Monograph 57: The Challenge to Control South Africa`s Borders and Borderline, Ettienne Hennop, Clare Jefferson and Andrew Mclean
The aim of this research project was to establish
how effective South African border control mechanisms are in preventing
the illegal smuggling or movement of firearms across South Africa’s
international land borders. The research consisted of an analysis of the
existing border controls initiatives, an analysis of two case studies
of border areas and an opinion survey among police members at South
Africa’s 52 land border posts.
Firearm-related crime is increasing at alarming rates in South
Africa. Some illegal firearms enter the South African market as a result
of smuggling activities across borders. However, the majority of
firearms entering the illegal pool in the country do not originate from
outside South Africa.
The analyses undertaken during the course of this study and the
opinion survey demonstrated that illegal firearms, as well as
crossborder crimes involving drugs, illegal immigrants, contraband and
vehicles, are of concern to the South African government, the South
African Police Service (SAPS), the Department of Home Affairs, the South
African Revenue Service (SARS), the South African National Defence
Force (SANDF) and non-governmental organisation (NGOs) alike.
The findings of the research can be summarised as follows:
- There is substantial interest in improving border control in South Africa both from a national and an international perspective.
- There is substantial interest from
the private sector to assist the SAPS and the SANDF in strengthening
their capabilities with a view to improve the successful combat of
- Structures have been in place for
some time now to facilitate co-operation between the different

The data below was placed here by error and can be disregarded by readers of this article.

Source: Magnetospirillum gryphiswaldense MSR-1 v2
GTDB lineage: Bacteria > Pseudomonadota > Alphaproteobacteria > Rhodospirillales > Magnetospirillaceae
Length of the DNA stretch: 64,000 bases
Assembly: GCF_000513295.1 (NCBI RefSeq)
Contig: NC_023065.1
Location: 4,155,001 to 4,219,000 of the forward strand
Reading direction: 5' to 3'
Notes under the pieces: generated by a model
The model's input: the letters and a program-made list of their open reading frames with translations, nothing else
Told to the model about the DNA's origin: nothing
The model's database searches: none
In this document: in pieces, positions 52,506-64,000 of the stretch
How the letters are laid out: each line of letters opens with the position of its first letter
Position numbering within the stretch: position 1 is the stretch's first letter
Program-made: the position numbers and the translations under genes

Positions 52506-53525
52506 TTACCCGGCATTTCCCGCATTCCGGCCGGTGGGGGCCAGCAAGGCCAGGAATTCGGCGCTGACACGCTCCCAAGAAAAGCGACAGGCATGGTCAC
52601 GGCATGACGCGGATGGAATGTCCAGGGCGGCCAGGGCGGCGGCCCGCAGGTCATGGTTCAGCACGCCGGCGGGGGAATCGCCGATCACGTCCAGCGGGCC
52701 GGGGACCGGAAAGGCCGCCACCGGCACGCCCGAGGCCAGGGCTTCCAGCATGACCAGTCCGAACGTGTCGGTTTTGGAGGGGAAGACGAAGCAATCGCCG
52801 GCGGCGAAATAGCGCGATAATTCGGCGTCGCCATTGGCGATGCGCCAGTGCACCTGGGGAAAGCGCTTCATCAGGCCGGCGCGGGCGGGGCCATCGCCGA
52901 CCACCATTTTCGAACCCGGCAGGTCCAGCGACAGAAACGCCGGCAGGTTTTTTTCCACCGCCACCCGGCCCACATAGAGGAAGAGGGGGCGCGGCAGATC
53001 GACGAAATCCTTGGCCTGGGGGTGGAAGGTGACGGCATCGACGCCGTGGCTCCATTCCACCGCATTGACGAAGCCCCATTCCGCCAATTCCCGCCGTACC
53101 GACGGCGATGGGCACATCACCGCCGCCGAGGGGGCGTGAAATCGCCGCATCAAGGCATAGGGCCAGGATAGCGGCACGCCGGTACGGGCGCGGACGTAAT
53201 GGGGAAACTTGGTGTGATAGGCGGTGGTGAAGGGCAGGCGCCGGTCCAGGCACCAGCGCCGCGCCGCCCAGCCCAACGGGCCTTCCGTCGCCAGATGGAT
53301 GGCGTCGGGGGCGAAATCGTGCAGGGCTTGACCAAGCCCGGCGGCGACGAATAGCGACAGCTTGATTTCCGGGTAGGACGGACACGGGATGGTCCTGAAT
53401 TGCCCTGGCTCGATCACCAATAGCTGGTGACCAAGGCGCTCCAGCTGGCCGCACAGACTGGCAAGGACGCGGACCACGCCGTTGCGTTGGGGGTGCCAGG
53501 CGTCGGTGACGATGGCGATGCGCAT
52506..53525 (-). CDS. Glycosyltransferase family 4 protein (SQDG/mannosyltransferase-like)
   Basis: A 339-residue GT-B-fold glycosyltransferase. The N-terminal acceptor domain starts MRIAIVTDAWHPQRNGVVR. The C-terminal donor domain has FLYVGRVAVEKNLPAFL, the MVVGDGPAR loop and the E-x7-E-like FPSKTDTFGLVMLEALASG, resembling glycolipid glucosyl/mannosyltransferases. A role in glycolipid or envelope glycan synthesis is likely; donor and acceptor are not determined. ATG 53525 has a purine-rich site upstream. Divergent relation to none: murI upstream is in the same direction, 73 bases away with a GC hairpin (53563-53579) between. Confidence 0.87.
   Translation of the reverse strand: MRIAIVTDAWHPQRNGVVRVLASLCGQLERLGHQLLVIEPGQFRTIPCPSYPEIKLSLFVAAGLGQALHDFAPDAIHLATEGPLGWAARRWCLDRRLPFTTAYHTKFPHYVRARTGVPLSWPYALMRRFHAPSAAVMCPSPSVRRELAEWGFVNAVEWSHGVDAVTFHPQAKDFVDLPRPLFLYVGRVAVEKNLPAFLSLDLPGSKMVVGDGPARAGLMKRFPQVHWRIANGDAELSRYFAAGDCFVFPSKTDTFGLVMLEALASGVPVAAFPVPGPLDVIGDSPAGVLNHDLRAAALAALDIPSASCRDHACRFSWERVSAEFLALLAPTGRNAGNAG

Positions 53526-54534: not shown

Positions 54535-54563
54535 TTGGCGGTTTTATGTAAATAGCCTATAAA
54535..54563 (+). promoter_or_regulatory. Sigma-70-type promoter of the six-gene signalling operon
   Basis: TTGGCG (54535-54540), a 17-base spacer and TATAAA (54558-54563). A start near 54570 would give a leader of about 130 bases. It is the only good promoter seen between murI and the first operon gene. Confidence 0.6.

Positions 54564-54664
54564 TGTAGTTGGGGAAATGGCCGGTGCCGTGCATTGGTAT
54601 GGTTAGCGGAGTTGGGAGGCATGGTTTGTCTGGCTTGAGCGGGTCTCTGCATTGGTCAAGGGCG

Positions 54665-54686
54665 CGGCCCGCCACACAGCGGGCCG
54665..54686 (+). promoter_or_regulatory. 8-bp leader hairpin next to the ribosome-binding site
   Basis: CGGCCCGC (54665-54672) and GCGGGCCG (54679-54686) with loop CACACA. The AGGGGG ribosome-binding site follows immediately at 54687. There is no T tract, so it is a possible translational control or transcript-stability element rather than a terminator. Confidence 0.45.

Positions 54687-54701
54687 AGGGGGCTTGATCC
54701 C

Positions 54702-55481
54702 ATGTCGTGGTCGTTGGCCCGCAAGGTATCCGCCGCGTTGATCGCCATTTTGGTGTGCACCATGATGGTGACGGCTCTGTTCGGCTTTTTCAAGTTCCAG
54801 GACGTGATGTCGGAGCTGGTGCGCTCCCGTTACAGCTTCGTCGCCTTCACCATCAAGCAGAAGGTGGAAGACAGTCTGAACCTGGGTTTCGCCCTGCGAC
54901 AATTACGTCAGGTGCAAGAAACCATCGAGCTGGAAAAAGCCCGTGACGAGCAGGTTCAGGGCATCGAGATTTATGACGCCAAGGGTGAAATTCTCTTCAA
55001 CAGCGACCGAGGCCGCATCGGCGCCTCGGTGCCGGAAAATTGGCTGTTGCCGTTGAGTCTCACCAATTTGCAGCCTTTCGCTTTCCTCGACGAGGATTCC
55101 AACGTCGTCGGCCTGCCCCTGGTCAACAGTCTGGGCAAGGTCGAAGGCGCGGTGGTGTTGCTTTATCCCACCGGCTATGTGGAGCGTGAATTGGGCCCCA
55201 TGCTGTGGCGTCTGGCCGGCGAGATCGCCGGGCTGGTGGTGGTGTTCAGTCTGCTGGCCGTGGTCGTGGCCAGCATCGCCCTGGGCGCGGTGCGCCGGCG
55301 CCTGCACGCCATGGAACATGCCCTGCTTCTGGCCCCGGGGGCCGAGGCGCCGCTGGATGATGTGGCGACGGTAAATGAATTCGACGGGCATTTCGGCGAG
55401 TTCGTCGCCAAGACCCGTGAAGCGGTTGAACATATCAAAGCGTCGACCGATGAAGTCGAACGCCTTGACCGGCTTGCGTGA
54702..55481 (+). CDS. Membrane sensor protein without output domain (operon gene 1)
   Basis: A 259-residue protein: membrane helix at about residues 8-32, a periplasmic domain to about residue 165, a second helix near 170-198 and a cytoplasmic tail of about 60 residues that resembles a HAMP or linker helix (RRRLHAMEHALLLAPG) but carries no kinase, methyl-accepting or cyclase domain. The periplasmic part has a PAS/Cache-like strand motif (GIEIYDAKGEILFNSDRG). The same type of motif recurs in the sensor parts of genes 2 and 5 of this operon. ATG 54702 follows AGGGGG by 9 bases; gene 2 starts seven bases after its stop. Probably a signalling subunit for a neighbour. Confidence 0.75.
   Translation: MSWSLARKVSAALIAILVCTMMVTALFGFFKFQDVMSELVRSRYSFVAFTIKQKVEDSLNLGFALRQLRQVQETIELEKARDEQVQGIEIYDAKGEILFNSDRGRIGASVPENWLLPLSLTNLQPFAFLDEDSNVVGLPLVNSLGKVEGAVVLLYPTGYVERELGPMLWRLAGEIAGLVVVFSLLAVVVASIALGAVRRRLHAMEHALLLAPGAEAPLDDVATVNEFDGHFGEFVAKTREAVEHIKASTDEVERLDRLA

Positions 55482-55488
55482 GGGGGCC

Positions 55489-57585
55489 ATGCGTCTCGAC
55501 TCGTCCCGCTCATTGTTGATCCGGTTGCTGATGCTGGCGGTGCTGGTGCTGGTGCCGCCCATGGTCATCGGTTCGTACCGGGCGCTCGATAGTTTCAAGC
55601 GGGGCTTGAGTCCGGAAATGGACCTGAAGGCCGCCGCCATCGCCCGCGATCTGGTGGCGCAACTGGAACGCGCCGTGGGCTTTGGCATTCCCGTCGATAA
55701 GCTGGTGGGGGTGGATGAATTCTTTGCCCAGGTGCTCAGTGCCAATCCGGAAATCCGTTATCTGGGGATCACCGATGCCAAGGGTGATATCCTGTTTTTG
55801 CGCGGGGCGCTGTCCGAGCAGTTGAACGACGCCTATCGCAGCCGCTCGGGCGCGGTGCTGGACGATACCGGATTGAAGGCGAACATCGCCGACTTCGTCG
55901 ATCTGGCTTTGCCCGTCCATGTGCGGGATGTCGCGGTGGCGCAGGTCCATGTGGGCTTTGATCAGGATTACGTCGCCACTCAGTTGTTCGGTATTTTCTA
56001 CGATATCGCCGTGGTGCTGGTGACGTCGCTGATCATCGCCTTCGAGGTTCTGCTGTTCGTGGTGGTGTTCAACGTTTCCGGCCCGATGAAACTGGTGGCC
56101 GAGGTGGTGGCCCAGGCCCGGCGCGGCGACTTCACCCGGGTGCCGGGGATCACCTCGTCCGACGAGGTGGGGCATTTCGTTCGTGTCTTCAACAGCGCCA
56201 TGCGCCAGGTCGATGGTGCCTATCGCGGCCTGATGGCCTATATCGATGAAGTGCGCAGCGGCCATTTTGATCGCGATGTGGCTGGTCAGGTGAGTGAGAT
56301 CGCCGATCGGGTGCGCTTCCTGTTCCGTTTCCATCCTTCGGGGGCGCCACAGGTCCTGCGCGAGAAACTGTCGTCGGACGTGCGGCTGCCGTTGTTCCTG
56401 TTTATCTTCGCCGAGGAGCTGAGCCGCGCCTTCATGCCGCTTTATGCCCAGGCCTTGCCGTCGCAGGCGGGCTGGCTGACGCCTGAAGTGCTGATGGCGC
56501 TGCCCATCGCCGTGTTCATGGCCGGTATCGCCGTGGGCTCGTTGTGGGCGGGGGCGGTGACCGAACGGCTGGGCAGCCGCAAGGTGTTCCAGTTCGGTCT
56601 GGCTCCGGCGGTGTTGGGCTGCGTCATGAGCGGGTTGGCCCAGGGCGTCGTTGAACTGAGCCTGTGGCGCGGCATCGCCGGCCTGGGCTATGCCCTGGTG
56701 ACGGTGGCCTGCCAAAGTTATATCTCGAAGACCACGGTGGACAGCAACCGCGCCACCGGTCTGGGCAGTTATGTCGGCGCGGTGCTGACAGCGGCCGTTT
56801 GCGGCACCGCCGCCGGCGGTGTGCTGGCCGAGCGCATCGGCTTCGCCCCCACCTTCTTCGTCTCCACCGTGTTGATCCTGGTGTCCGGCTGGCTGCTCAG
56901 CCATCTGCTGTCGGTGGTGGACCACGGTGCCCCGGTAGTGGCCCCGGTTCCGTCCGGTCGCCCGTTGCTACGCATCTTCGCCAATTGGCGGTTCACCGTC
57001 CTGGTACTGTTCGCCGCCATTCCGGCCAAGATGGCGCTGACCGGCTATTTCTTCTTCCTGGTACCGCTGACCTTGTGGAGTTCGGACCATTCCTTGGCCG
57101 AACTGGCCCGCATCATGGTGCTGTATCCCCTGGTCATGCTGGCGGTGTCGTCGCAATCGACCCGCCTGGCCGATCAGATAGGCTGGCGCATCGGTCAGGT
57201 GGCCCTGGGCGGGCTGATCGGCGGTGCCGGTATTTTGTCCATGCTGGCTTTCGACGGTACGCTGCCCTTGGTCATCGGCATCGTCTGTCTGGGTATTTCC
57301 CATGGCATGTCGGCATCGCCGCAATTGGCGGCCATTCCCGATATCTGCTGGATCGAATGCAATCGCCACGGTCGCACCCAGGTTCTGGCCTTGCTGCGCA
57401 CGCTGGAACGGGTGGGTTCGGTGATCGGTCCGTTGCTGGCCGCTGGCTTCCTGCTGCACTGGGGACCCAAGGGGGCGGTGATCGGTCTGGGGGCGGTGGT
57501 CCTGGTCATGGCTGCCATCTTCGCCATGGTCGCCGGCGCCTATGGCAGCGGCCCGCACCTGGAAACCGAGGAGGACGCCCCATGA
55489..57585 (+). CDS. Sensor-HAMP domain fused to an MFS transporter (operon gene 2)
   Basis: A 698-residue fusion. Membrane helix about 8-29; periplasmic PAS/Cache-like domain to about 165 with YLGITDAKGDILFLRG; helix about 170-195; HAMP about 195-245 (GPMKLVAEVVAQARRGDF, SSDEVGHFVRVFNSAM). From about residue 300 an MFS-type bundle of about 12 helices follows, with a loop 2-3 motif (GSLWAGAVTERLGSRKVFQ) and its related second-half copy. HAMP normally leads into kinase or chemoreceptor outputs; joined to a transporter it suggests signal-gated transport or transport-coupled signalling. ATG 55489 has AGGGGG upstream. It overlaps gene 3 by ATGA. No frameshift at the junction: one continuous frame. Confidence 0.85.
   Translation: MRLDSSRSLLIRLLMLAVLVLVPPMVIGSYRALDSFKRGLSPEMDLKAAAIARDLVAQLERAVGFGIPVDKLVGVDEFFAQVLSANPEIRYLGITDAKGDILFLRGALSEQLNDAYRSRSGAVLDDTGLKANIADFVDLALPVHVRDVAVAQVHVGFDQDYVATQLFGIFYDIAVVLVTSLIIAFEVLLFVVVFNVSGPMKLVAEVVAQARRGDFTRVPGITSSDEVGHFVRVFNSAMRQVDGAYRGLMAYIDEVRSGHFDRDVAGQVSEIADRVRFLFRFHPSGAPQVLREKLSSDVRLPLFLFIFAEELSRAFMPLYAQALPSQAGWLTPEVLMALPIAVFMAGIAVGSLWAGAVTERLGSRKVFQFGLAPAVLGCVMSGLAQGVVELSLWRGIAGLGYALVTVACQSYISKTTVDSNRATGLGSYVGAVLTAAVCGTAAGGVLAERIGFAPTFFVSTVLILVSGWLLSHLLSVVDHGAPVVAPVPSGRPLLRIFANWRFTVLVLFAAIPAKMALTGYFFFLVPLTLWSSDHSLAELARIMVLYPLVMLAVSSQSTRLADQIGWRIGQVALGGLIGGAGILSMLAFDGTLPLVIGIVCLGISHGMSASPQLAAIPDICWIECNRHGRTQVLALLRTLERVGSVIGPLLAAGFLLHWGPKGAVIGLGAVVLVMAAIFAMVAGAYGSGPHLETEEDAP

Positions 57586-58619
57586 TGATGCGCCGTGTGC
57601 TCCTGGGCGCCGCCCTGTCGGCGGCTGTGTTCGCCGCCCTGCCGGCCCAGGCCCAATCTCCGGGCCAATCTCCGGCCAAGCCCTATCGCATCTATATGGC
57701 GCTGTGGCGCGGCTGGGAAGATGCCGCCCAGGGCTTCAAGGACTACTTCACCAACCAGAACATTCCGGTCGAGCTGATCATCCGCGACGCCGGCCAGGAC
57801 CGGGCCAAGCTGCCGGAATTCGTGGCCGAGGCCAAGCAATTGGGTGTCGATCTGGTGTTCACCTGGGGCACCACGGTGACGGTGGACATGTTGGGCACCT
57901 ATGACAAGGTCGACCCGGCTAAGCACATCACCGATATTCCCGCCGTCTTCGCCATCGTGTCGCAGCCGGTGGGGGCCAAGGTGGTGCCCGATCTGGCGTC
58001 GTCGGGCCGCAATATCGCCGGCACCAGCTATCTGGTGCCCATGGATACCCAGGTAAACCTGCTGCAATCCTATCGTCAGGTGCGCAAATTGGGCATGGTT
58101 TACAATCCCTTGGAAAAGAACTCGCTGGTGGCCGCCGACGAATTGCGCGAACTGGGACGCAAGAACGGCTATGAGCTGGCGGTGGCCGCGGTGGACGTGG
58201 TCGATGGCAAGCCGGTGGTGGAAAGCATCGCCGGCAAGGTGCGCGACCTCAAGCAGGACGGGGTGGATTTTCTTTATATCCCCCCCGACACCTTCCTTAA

government departments involved in border control on South Africa’s
international borders. Although this collective approach has been
followed for nearly six years, problems are still experienced such as a
lack of proper communication on all levels.
- South Africa loses revenue as a result of border crimes that lead to the non-payment of duties.
- Crossborder crimes happen at will, including the illegal smuggling of firearms, across South African borders.
- Border posts are understaffed and
some even lack the basic facilities to undertake effective border
policing such as facsimile machines, a consistent electricity supply,
proper living quarters for police/customs/immigration officers, vehicles
and proper search and storage facilities.
- There is a lack of communication
between the agencies working in the same field, resulting in the loss of
valuable information on crime and crime syndicates.
- There is a lack of trust between
the agencies involved in border control at ground level, resulting in
accusations of corruption.
- Corruption is a fact that needs to be dealt with immediately.
- The existing border control
structure created to act as a co-ordination agency between the different
departments involved is not reaching ground level.
- New initiatives to address problem areas and conditions at border posts are welcomed.